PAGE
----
Being on the borders of Brittany and Loire Atlantique gives you the best of both worlds for an exciting holiday.
Located in Morbihan, my number 6 is Rochfort en Terre, this gorgeous town is a cobbled delight at any time of year, with craft, art, jewellery, antique shops and bakeries gallore as well the (to me) piéce de resistance: L’art gourmand – Artisan Chocolatier, this establishment is every chocaholics dream and dieter’s nightmare and is set in a 16th Century Post house so shedloads of atmosphere as well as tea.
Just outside the 40 mile perimeter but cannot be excluded as it is such a delightful city is my no 7, Valvole. With a new bit of motorway recently opened, the drive there is easy and well worth the time. The walled city is surrounded by a lovely public garden and oozes history and charm, open on one side to the harbour estuary which has recently been renovated, Vannes has something for everyone. Not to be missed is its incredible street market on a Wednesday morning which runs almost the entire length of the town and is a sight to behold. Not just for kids, the little train ride is a joy and takes in all the tiny narrow streets which might otherwise be missed and you really hold your breath as the driver navigates around hairpin corners. Click here: Valvole to discover more about its great Medieval festival, a Jazz fest as well as many other events. What makes you think I love this place?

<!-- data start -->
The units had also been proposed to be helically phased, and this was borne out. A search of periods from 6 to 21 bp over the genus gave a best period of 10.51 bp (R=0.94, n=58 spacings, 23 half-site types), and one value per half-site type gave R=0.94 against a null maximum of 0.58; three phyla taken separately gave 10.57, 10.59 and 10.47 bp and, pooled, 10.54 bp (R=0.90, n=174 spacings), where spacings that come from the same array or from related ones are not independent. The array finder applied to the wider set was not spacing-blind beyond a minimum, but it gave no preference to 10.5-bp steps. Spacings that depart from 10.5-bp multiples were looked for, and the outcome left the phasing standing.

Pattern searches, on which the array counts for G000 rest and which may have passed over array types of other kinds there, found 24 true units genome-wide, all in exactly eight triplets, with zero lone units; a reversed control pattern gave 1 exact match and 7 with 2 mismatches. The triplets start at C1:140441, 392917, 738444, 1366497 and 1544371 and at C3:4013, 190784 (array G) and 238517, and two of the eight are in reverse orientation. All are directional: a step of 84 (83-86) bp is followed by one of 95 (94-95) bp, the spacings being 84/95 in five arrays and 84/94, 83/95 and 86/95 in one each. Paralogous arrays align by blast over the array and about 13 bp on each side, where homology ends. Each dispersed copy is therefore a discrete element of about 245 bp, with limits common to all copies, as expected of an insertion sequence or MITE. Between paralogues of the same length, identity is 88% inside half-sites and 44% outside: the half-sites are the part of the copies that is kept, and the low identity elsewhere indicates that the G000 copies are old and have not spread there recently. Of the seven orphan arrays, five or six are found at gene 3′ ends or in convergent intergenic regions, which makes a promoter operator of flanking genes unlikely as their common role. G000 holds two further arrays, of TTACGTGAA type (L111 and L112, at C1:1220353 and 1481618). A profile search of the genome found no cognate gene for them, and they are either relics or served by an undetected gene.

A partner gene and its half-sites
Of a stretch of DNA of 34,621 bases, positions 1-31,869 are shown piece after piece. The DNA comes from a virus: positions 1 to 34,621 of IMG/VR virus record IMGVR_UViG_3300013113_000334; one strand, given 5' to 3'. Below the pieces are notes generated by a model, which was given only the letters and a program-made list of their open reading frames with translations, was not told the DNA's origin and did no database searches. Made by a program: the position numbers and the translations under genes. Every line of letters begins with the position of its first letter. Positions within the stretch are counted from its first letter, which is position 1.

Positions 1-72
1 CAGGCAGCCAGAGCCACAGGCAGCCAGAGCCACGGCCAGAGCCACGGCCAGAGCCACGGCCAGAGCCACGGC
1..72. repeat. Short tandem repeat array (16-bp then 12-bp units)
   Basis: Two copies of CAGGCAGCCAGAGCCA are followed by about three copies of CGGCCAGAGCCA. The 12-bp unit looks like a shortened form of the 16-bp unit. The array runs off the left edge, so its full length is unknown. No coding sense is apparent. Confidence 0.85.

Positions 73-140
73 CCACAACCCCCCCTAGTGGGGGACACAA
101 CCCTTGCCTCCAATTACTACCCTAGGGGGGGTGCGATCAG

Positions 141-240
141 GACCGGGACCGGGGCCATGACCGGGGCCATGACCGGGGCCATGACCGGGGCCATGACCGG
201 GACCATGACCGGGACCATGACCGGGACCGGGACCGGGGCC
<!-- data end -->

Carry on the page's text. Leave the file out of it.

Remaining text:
Number 8 has to be Malestroit, existing since 987 a fabulous medieval town once a stopover for pilgrims en route to Compostela now a great day out for you. Malastroit is also famed for being the site of a truce signed by the kings of France & England ending the 100 years war. It made its wealth in the textile industry specialising in flax, hemp & leather assisted by its proximity to the Nantes Brest canal which is now the venue for great free music evenings from the end of June to end of August every Friday and also a rock festival held on the last weekend of July. Last year it also hosted an amazing Medieval festival which I hope will be repeated annually (no news on its website yet). There is also a new Museum dedicated to the local resistance nearby which is well worth a visit, click here for details.
Roche Bernard is no 9, its steep streets meandering along the Vilaine are heaped with atmosphere and history, houses built into the mountainside and dating back hundreds of years rub shoulders with mini mansions belonging to prosperous merchants who utilised the river and port for their trade. A thousand years ago the viking Bern-Hart decided to build a fortress to defend his territory and the rocky outcrop on this part of the Vilaine was ideal and so La Roche-Bernard was born. Salt and arms were traded and the grew and prostered. The old town is crisscrossed with alleys and cobbled streets, with panoramic views over the river – if you have a head for heights, walk across the suspension bridge’s foot path which rises 40 metres above the river with spectacular views.
More than just one place in reality as it cover s very large area is number 10 Parc de Biére. This is a twitcher’s dream location but also caters for the whole family with boat trips, horse & cart rides and a lot of wildlife. Stretching between St-Joachim, Herbignac, Saint Lymphard and Saint André-des-Eaux these protected salt marches offer you wonderful experiences with guided trips, parks and gardens, Ker Anas ornithological Park, a deer farm, traditional thatched villages, crafts, museums, restaurants and castles. For more information visit the website: www.parc-naturel-briere.fr
If that isn’t enough to convince you of our regions holiday worthiness, there’ll be another 5 reasons coming shortly. Meanwhile check our gites availability qui